Countries in the Middle East, such as Iran, Israel or Saudi Arabia, do not want a military confrontation. Yet, current circumstances conduce to the breaking out of just such a war
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A recent trip to Cox’s Bazar showed that despite numerous health, social and security challenges, the Rohingya refugees are reluctant to return to Myanmar. India will have to walk a tightrope, keeping in mind humanitarian, security, and geopolitical priorities
The removal of 11 top ministers in the Riyadh government last week by the young crown prince Mohammad bin Salman, is a geopolitical upheaval, the implications are serious. Domestically, the kingdom is seeking to liberalise its conservative society and move away from oil-dependency – evident from the expected listing of its crown jewel Aramco. For India, which imports oil largely from West Asia, instability could cause a spike in prices, leaving less for its ambitious reforms. Globally, there is now space for new alignments – in the Great Power plays, in the Shia-Sunni rivalry, and in the war on terrorism.
The Kurdish issue is far more complex and sophisticated than the simplistic nationalist rhetoric, made fashionable by Europeans-- and which all actors in the game feel compelled to employ and have us believe
China has expanded its presence in the Indian Ocean Region. President Xi Jinping has abandoned Deng Xiaoping’s conciliatory posture for an aggressive, money-fuelled search for super power status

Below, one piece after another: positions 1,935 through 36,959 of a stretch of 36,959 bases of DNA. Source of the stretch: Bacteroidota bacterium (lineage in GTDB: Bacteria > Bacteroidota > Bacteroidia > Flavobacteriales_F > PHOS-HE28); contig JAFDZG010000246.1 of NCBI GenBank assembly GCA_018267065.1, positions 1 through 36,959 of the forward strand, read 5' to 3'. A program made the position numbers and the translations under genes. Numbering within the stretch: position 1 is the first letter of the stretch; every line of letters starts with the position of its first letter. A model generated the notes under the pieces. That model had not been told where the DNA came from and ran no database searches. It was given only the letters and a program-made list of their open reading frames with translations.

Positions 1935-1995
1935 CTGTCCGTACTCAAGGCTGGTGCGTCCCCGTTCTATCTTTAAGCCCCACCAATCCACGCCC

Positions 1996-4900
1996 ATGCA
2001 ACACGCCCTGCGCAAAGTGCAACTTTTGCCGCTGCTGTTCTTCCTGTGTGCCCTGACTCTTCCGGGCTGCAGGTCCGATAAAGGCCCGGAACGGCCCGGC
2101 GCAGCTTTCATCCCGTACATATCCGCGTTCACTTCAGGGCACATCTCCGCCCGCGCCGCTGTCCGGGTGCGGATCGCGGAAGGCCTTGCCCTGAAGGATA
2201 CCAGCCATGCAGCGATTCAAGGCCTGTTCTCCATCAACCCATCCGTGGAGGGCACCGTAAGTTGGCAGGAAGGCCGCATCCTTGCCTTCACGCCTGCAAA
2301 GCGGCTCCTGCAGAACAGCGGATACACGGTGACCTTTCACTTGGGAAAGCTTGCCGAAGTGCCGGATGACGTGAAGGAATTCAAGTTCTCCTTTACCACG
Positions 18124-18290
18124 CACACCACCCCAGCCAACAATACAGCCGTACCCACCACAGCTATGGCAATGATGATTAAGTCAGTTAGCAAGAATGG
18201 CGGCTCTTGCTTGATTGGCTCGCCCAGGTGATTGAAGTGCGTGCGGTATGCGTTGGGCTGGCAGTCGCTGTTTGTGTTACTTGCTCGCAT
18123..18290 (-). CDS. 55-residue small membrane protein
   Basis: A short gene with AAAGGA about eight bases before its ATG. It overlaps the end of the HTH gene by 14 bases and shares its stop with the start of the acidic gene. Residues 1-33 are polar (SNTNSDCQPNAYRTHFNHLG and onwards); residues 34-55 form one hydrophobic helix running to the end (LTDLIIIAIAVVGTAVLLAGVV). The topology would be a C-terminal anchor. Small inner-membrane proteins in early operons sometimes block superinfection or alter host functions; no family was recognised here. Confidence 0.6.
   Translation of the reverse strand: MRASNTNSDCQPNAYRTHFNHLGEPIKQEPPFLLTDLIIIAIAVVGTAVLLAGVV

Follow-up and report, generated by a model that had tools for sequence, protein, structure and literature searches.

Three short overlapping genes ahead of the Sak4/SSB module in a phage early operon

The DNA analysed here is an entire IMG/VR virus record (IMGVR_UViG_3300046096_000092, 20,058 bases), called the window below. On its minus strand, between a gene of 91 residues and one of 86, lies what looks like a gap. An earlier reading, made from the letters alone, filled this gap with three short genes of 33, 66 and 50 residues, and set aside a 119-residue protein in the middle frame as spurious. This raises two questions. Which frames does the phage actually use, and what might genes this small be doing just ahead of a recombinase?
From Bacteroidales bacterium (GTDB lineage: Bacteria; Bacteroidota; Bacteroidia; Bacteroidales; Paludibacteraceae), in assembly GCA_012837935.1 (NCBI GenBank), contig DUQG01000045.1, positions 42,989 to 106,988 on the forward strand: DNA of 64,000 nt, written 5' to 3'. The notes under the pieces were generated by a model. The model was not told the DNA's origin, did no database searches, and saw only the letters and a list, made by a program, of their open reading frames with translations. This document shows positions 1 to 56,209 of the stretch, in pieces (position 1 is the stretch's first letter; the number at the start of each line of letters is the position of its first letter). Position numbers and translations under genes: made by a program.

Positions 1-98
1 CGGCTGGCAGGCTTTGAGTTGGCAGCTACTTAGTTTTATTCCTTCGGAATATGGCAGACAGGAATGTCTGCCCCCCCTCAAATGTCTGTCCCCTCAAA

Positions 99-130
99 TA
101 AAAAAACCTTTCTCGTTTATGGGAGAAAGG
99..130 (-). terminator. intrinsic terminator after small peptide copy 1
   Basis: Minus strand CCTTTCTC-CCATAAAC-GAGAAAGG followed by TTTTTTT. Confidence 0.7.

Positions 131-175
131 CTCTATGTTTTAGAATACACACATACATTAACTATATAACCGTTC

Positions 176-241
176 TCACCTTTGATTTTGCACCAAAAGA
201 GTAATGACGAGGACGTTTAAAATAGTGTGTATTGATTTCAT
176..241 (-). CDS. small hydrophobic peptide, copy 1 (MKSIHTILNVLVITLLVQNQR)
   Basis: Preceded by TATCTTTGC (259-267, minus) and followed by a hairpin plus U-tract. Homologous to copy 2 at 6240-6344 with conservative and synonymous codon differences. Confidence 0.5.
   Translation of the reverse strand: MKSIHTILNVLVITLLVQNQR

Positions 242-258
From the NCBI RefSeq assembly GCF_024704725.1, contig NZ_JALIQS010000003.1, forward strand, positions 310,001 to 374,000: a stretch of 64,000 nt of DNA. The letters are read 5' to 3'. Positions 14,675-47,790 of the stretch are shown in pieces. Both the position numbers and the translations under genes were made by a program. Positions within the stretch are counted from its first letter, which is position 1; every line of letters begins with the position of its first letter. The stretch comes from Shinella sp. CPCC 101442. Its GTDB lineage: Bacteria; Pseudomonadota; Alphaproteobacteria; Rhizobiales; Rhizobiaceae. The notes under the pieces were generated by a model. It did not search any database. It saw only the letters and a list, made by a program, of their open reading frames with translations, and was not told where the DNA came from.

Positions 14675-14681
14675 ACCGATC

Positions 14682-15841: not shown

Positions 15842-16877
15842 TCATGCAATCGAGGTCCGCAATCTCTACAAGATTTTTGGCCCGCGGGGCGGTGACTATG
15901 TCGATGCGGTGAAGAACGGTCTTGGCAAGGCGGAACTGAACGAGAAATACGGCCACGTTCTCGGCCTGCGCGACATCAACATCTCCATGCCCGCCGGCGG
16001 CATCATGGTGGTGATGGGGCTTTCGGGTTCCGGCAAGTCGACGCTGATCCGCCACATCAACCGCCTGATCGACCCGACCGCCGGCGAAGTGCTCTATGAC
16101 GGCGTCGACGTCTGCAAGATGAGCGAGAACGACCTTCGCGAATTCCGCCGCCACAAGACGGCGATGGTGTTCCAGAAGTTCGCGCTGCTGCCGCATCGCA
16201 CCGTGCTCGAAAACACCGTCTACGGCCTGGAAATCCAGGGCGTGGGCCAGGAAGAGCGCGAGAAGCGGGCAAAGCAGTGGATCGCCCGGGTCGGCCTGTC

Referendums are a way of mobilising society and bringing in exceptional change. Turkey’s third constitutional referendum in the last 10 years, being held on Sunday, April 16, is the greatest of them in many respects as it puts the country on uncharted waters, having it move from one unbalanced system to another
Aleppo is back under the control of the Syrian government, the Russian ambassador to Ankara is assassinated for his country’s role in Syria, and U.S. President-elect Donald Trump wants to cooperate with Russia to fight ISIS in Syria. These momentous events in modern history compel an assessment of the geopolitics surrounding Syria.
The attempted coup on July 15 in Turkey as well as its aftermath have irreparably dented President Erdogan’s international image and impacted Turkey's standing as a democratic state, a military power, a NATO member, an EU aspirant, and an emerging economy. This downtrend is unlikely to be reversed in the near future and the country is in for an extended period of instability
The unfolding coup in Turkey demonstrates the instability that the nation has fallen into. Terror attacks like the one in Istanbul airport was the most high profile targeting of Turkey by ISIS and other extremists. This is the outcome of Turkey’s crackdown on internal popular protest, on allowing itself to become the highway for extremists, refugees and weapons to disparate terrorist groups and being a willing proxy for the major powers contending in Syria. The increasing frequency of the attacks in Turkey reveals a similar pathology to Pakistan, which is now in a low-grade civil war. Is Turkey going down the path of Pakistan?
Today ISIS is the gravest international security threat. To defeat ISIS, the world should pay heed to India’s experience of the need to isolate state sponsors of terrorism. Ultimately, only when Saudi Arabia acknowledges the danger to its own survival from past policies of alleged support to extremist groups, can it be a reliable partner in the fight against ISIS.